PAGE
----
However, recent criticism from Kagan, a President Barack Obama appointee and a former dean of Harvard Law School, now seems more pointed as it comes just days after Chief Justice John Roberts publicly voiced his concern that the tribunal’s reputation was being unfairly tarnished.
“I don’t understand the connection between opinions that people disagree with and the legitimacy of the court,” Roberts said Friday night as he addressed a court conference in Colorado. “If the court does not maintain its legitimate function, I do not know who would take on this role. You don’t want political branches telling you what the law is, and you don’t want public opinion to guide the proper decision. … The mere fact that people disagree with an opinion is no reason to question the legitimacy of the court.
In her Wednesday remarks, Kagan did not mention the landmark abortion decision she distanced herself from in June, but did reference other decisions where, she said, the court had colored outside the lines.
Among them was a ruling the court issued on the last day of rulings in June, reversing a key part of the Biden administration’s climate change policy on the grounds that Congress should have been more explicit if it granted the Environmental Protection Agency has authority over such a “major matter”.
“What is a major question? You know, who knows? she said to the bursts of laughter from the law students, lawyers and professors present.
Kagan also suggested that reversals of High Court precedent particularly damage public respect for the institution when they appear directly linked to changes in the composition of the Court. President Donald Trump replaced a third of the justices during his single term. President Joe Biden has just replaced retired Judge Stephen Breyer with Judge Ketanji Brown Jackson, who is due to hear his first cases as a judge next month.
“If there is a new member of a tribunal and all of a sudden everything is up for grabs, all of a sudden very fundamental principles of law are overturned, are replaced, then people have the right to say : what is going on there? It doesn’t seem very legal,” she said.
Kagan framed her call as a call for greater institutional rigor in decision-making, and she stressed that she was not saying the court should shape its decisions to ensure they have the support of a majority of Americans.
“What I absolutely don’t want to say is whether the court’s views are popular,” she said. “And sometimes the opinions of the court are not popular and sometimes … the court should not do things that are popular.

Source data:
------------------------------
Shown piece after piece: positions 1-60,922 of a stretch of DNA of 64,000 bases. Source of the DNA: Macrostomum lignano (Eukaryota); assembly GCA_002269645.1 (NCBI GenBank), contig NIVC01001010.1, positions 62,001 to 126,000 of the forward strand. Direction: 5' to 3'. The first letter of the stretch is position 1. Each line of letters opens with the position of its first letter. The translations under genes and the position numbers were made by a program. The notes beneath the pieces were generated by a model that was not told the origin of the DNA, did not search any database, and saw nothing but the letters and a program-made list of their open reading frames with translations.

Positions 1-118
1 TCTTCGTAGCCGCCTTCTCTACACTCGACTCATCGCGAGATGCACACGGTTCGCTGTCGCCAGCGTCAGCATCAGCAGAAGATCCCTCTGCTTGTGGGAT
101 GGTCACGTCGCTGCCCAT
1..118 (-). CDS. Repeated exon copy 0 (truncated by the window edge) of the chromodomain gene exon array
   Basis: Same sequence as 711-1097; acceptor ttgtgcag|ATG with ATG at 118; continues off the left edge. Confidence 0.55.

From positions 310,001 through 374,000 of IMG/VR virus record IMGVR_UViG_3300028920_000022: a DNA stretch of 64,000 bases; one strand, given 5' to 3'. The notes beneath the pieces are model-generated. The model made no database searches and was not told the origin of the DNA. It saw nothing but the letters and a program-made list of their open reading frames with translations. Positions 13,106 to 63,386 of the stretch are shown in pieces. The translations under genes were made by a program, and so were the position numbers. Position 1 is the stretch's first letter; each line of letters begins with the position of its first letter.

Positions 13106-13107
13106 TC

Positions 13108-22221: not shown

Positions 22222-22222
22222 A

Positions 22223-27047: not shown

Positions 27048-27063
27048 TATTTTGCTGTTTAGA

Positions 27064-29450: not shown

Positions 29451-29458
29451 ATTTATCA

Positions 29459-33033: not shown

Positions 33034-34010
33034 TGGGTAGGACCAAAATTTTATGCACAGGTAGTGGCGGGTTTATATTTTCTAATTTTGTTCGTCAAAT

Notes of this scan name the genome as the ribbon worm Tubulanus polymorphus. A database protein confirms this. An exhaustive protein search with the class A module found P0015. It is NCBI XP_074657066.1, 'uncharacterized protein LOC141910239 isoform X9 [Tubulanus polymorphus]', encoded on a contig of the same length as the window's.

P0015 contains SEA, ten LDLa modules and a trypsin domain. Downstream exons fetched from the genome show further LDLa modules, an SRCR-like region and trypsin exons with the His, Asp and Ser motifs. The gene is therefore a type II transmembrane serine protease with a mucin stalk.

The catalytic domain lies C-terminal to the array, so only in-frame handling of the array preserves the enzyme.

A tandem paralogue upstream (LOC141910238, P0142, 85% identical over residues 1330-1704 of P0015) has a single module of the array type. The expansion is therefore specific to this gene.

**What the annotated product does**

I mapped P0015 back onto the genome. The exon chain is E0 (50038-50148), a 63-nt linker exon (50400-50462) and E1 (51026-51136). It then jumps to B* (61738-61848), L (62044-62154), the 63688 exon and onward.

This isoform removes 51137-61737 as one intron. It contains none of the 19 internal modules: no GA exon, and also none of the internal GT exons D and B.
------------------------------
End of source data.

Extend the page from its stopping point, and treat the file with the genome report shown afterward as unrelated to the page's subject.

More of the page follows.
Kagan made no direct mention Wednesday of the uproar in court in recent months, following POLITICO’s release in early May of a draft majority opinion in the abortion rights case the court will rule on in June, Dobbs v. Jackson Women’s Health Organization.
Much of the opinion written by Judge Samuel Alito quashing deer was practically identical to the project. The vote tally POLITICO reported in May also proved accurate, with every Republican appointee on the court voting to overturn the federal abortion law and Roberts trying to hammer out a compromise approach.
During an appearance at the New York synagogue on Tuesday night, Kagan said she had no details on the status of an investigation Roberts had ordered into the disclosure, but she lamented it and said that she expected the Chief Justice to brief her colleagues on the investigation later this month.
” I know nothing. I suspect my colleagues know nothing, except perhaps the chief justice, about what, if anything, the investigation revealed,” Kagan said, according to CNN. Kagan, who joined the court in 2010, also called the breach of confidentiality “horrific”, “shocking” and “obvious and flagrant violation of court rules”.
Judge Neil Gorsuch told a court conference last week that it is “extremely important” that the person who leaked the draft notice be identified, The Wall Street Journal and Bloomberg News reported.
During his Wednesday remarks during a conversation with North West law dean Hari Osofsky, Kagan took a particularly hostile and forceful stance against a practice that hasn’t sparked much public debate, but which has troubled the legal community in recent years: US District Court judges blocking federal government policies nationwide.
Executive branch officials in the Biden, Trump and Obama administrations have all complained that their major policy initiatives are often crippled by a single judge.
“It has no political slant,” Kagan said, targeting not just sweeping injunctions but also transparent “forum shopping” of litigants filing cases in the courts they think are most friendly to them.
“You look at something like that and you think it can’t be true,” Kagan said. “In the Trump years, people were going to the Northern District of California, and in the Biden years, they were going to Texas. It simply can’t be fair that a district judge can stop a national policy in its tracks and let it stall for the years it takes to go through the normal process.